Stood in Place. Changed.

Life will be different for quite some time to come, and maybe in some ways that are permanent, but also in ways that are good.” Dr. Amy Acton, director of the Ohio Department of Health, speaking about life after the stay-at-home order.

What I took with me when I left the house on Tuesday morning, March 3rd:

  • Book bag
  • Cash
  • Wallet
  • Comb and brush
  • Purse
  • Recreational reading book for lunchtime
  • Phone
  • Packed lunch bag
  • Go cup (coffee)
  • Go cup (water)
  • Keys
  • Change of shoes
  • Extra socks

What I took with me to leave the house on Tuesday morning, April 14th:

  • Phone
  • Hanky
  • Two cough drops

********************************

The days settle into a routine.

There’s no need to get up at 5:30 a.m. to go to the gym; the gym is closed. We don’t set the alarm clock. We get up when light floods the bedroom, when the birdsong is too insistent to resist.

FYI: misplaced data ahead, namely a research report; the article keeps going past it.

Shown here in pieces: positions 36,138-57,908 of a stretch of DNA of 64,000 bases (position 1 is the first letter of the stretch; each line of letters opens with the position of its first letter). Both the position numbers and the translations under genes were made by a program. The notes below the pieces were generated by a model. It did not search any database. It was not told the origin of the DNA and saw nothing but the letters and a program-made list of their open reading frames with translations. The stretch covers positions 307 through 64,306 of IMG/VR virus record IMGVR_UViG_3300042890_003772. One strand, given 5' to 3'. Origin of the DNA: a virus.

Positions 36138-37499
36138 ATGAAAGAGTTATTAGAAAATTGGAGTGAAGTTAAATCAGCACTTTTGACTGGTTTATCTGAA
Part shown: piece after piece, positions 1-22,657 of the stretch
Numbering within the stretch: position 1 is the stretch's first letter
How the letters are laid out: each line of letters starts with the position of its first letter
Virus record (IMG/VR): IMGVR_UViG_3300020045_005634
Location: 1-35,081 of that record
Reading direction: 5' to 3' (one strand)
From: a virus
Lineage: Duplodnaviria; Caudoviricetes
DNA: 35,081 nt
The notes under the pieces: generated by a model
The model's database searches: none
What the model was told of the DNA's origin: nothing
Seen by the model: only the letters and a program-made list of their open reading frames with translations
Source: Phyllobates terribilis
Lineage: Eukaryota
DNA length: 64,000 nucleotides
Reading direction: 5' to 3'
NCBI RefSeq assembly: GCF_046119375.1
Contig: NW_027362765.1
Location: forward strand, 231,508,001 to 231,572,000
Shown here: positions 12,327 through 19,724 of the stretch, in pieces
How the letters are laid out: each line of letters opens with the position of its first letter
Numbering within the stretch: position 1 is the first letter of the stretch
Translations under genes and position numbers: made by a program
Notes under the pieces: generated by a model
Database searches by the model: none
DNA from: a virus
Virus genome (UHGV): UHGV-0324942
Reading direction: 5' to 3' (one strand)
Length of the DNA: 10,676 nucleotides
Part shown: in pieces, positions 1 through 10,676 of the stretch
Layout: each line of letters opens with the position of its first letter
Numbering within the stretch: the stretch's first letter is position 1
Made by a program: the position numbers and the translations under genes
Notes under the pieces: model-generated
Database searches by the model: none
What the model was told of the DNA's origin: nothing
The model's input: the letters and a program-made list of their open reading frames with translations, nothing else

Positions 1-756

My Fitbit, Connie, is delighted with this. Before the stay-at-home order, she would give me disapproving sleep reports. “Five hours, 11 minutes,” she would tsk. “Fair.”

Nowadays, Connie pats me on the head. “Seven hours, 28 minutes!” she crows. “Good!”

I feel better, more centered, calmer. Sleep, as a wise one once said, is good.

*********************************

In the mornings, Mark and I both get our work done: I grade and respond to student emails, send out notices, make sure the next week’s work is out there, clearly labelled. I send follow-up emails to make sure students understand what is due when, and what’s expected of them.

Mark fields phone calls and goes to virtual meetings; he reads the latest rulings and helps interpret them. Often he has webinars, presentations on different topics, many related to understanding and working within a pandemic.

By late morning, though, it’s time to disengage from desks for a bit. Jim tugs his sneakers on, and we all head out to the car, bundled or breezily dressed as the day dictates.

Usually we drive to the college campus and walk; sometimes, to change things up, we go to the hospital’s fitness trail. Wherever we are, Jim untangles his earphones, plugs in, and marches off in one direction. Mark and I go the other way. We meet somewhere in the middle.